And then there’s the rubber, which gets heated to an exact temperature over a precise timeframe. The baking process dictates the rubber’s touch or firmness. The longer it’s heated, the harder the material, meaning the tacky grip of an outsole can get tuned based on the heating process.
Modern engineering has allowed for a tweaking of this tuning. The Kobe X, released in 2015, really showed this process as Avar and Kobe Bryant worked together to create a new traction based off herringbone that added hundreds of tiny “nodules,” which were so grippy during the testing process they had to dial back the grip.
“We wanted to create a similar feel and geometry (to herringbone), but in a new way that worked in conjunction with the midsole,” Avar says. “By breaking up and having so many nodules, it bit and gripped into the hardwood.”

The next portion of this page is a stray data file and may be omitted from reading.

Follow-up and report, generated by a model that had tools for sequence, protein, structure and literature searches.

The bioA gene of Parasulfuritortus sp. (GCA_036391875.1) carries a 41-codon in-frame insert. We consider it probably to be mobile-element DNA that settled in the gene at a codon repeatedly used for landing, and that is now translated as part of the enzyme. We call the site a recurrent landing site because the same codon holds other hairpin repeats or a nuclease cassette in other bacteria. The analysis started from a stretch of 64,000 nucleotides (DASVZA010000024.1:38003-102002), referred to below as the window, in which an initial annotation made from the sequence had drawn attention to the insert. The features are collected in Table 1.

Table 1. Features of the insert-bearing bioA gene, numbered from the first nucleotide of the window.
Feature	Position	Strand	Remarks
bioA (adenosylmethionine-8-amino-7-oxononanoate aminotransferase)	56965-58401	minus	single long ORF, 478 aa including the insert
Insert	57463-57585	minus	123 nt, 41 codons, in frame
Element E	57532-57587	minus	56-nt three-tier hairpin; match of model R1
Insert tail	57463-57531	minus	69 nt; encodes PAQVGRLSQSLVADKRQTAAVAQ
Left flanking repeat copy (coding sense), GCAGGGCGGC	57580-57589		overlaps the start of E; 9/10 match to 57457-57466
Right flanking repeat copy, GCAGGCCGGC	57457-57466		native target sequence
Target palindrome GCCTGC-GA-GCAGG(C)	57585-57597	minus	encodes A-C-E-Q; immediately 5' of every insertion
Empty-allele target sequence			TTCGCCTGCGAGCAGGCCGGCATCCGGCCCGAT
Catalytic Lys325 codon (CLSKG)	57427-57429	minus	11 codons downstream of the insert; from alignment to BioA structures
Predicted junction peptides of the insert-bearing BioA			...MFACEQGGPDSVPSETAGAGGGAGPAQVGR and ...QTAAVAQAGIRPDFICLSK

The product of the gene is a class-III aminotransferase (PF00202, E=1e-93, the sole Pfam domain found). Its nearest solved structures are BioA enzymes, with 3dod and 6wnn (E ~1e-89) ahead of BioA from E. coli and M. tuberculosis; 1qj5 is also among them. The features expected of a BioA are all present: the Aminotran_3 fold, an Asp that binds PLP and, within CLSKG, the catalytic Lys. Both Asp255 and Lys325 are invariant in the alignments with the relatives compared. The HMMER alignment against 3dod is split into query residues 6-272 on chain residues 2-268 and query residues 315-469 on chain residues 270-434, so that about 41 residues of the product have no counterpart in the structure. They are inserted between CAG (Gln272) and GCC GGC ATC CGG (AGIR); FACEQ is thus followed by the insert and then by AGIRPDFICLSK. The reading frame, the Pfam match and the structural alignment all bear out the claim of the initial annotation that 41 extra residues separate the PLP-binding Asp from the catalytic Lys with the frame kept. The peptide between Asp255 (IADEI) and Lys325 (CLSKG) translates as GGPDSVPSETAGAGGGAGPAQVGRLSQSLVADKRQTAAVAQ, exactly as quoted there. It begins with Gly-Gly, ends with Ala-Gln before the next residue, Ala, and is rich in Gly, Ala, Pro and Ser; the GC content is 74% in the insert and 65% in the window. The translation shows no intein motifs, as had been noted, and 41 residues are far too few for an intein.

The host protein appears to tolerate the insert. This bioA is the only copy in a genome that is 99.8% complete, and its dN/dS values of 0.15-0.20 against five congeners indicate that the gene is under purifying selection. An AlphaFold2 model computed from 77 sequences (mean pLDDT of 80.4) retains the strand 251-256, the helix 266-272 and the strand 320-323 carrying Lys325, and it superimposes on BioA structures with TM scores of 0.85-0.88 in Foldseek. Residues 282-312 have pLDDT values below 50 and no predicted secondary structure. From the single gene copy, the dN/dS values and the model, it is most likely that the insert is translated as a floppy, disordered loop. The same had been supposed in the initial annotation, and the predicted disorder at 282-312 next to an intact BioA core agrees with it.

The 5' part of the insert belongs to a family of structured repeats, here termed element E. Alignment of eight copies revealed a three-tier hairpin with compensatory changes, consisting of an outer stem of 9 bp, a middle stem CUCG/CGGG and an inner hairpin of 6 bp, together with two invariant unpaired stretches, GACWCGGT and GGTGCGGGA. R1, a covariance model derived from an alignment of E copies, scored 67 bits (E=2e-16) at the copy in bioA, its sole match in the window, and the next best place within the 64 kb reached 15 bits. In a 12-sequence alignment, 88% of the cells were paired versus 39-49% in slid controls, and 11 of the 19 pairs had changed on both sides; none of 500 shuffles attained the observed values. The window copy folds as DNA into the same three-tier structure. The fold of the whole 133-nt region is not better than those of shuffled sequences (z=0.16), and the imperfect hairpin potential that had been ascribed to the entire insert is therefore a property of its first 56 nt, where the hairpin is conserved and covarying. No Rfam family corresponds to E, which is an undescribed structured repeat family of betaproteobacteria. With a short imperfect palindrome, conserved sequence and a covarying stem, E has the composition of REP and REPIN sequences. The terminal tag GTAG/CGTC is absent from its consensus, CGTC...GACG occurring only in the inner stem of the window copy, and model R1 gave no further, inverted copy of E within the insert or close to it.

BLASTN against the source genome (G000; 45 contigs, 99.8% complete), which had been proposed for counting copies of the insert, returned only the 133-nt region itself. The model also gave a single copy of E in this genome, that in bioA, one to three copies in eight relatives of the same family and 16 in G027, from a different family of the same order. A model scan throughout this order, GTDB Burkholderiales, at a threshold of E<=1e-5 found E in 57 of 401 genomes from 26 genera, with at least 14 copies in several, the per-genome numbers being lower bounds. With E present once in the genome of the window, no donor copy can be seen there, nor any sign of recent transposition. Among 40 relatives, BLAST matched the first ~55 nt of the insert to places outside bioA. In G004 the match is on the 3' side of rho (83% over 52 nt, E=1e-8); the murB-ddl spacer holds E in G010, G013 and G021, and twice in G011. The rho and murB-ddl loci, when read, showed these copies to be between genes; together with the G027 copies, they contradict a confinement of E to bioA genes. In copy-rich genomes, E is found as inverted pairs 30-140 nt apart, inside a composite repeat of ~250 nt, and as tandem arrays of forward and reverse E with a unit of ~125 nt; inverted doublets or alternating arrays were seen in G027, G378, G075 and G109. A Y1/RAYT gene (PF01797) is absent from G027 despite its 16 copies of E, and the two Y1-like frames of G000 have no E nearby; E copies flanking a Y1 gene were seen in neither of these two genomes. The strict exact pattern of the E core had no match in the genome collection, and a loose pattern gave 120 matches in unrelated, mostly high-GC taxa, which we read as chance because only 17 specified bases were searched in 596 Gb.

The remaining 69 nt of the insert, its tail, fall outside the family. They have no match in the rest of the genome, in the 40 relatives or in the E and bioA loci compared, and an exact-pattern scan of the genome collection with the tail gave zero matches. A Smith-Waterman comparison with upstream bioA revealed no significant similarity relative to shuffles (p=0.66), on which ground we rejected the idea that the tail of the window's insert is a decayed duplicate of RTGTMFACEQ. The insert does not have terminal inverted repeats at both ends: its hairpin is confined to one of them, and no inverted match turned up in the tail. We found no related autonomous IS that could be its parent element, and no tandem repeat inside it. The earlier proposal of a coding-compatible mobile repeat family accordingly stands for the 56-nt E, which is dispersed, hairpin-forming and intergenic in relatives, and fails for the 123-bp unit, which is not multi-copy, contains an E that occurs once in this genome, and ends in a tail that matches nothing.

Avar extended what he started in the Kobe X into the Kobe 11, using the nodules for traction in an outsole that splays when the foot compresses, allowing flex grooves to open up and put different parts of the tread in contact with the floor as needed.
Herringbone sometimes can handle a little creativity, though, whether for style or function. Whether the Air Jordan IX, released in 1993, that featured an intricate inspiration of dates and symbols meaningful to Michael Jordan, or the 2014-released Kyrie 1 with the letter H embedded in both the left and right outsoles to tie to Irving’s favorite motto, “Hungry and Humble,” designers have long toyed with the creativity of a modified herringbone pattern.
Leo Chang, designer of the Nike Kyrie models, Kevin Durant’s signature line and the Hyperdunk, tells SI.com that while you must make the science of traction work, there’s a need to visually separate the aesthetics from other shoes and other athletes to make it unique. There are those non-friction points on the outsole that allow for that creativity.
But creativity never gets in the way of that perfect court friction. “Traction is your first point of contact for a player,” he says. “If (players) aren’t confident with the traction, they are going to play more reserved and more tentative.”